Two news items from across the state catch Bluestem's eye today. They're both instructive about what Republican control of the Minnesota legislature means.
At the Minneapolis Star Tribune, J. Patrick Coolican reports in With Republicans leading Legislature, allies ready to reap benefits:
Sometimes it’s money straight from state coffers. Other times it’s a tweak to a narrowly focused regulation. With Republicans in charge of the Minnesota Legislature, their allies are seeing priorities elevated at the Capitol.
Republicans are trying to use their state House and Senate majorities to re-engineer Minnesota government in a cheaper, leaner, more business-friendly direction. But they are also pushing for a host of policy changes — tax cuts and credits, subsidies and regulatory relief — that would benefit traditionally GOP-aligned sectors like insurance, energy, agribusiness, homebuilding and other industries.
In some cases, the help extends to a single company. Like a manufacturer in northwestern Minnesota, or a shrimp farm in the southwest. . . .
Read the article at the Star Tribune. In the Rochester Post Bulletin, Brian Todd reports in Lawmakers question spending priorities, at the dam in Lanesboro:
The environment, health care, and a dam in danger. All were connected Wednesday night as a handful of DFL representatives talked about where they differed on the legislative agenda with Republicans.
Reps. David Bly, DFL-Northfield, and Rick Hansen, DFL-South St. Paul, led a discussion with about 20 people who came to talk about the dam but turned to a wide range of issues.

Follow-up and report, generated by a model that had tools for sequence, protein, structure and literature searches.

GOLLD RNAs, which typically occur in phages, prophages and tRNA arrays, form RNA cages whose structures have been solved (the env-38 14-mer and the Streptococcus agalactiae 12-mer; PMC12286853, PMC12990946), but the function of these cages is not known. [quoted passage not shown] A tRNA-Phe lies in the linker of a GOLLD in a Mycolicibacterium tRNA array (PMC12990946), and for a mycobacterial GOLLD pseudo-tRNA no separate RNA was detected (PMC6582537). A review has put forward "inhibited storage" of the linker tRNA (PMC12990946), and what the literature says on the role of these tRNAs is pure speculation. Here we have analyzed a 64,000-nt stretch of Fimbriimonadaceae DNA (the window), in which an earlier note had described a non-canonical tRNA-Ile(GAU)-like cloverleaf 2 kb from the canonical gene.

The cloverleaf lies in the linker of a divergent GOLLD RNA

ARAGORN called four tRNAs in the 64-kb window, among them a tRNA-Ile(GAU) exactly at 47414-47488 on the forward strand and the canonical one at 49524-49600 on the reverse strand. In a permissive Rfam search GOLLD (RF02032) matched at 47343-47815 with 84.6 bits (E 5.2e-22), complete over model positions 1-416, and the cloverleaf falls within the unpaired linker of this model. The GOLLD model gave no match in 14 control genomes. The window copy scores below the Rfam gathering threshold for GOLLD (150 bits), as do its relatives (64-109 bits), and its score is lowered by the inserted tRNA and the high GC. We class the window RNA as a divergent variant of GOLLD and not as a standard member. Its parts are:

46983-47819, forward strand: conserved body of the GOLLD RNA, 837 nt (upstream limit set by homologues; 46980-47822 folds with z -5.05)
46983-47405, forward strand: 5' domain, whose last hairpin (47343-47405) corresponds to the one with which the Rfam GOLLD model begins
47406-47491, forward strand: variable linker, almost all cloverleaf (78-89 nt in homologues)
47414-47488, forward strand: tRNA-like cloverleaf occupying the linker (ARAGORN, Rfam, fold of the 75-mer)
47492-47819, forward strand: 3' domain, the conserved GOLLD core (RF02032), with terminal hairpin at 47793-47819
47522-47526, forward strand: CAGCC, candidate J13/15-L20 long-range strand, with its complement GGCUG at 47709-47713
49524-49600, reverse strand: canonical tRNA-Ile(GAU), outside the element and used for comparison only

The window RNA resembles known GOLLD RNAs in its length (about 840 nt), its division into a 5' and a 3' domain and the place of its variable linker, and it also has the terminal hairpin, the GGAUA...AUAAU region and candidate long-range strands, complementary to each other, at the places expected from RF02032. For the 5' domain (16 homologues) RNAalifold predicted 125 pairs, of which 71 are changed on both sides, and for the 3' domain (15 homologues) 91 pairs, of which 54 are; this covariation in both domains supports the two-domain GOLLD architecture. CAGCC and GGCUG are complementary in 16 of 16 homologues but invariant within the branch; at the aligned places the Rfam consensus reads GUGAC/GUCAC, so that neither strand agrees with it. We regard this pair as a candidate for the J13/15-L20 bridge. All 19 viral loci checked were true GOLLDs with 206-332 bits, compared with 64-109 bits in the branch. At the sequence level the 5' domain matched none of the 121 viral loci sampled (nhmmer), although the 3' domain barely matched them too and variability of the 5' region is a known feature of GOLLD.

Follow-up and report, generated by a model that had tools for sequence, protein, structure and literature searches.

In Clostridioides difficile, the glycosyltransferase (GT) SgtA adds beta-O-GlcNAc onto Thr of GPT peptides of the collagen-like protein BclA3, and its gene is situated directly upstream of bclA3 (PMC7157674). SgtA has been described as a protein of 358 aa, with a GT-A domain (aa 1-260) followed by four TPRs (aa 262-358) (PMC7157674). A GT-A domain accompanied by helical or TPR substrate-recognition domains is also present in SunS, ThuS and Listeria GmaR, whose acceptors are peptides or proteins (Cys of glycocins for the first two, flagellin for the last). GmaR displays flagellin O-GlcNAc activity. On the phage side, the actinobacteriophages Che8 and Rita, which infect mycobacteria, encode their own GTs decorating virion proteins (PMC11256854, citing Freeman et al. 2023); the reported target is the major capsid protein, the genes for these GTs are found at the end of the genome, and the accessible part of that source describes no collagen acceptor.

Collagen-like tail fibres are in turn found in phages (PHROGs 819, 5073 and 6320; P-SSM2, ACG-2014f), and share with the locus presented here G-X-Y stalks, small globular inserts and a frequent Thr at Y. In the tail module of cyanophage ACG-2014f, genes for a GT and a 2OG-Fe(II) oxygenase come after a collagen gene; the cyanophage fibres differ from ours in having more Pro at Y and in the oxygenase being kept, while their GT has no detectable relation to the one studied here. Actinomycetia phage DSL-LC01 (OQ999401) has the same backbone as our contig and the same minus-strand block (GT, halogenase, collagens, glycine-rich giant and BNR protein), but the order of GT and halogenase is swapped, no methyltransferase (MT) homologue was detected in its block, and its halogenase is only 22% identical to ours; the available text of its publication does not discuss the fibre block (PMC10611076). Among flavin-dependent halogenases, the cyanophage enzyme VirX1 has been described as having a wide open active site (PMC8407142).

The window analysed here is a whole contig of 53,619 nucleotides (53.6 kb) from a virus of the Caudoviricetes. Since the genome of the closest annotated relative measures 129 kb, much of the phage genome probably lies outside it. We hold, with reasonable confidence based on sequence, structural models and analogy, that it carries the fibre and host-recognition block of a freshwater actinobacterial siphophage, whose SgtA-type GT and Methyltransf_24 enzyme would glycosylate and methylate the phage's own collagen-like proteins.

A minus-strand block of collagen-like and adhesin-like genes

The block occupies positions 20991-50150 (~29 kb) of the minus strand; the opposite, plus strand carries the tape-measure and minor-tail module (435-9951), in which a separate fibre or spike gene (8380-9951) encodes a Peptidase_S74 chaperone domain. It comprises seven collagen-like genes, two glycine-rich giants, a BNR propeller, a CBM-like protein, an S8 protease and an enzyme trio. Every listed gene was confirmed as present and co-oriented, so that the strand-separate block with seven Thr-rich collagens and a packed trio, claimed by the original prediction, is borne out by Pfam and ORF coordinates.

Hansen began by discussing the environmental bill, focusing more on what is not in the bill than what is. For starters, he said, there is a lot less money in the bill for 2018. "The goal for this bill was to cut $94 million from existing spending," he said.
That means less service for both businesses and the public who are looking for answers, he said. "If you're going to call in to seek a permit, you want clear information that you can follow if you're on the business side," Hansen said. "If you're on the public side, you want clear information you can follow. That takes people."
Cutting $94 million from the environmental budget will affect staffing at places like the Minnesota Pollution Control Agency, he said, meaning a slow down for businesses looking to get environmental permits. "The environmental review strengthens the end product, and that takes people," he said. "When you're cutting the budgets, you're actually going to be delaying the permits." . . .
Read the rest at the Post Bulletin, and ask yourself whether Representative Greg Davids, R-Preston understands the old political maxim, "If you're explaining, you ain't gaining."
Gaining? That would be for the GOP's allies reaping the benefits.
Photo: The DFL lawmakers at the press conference. Photo by Thomas Trehus, via Facebook.
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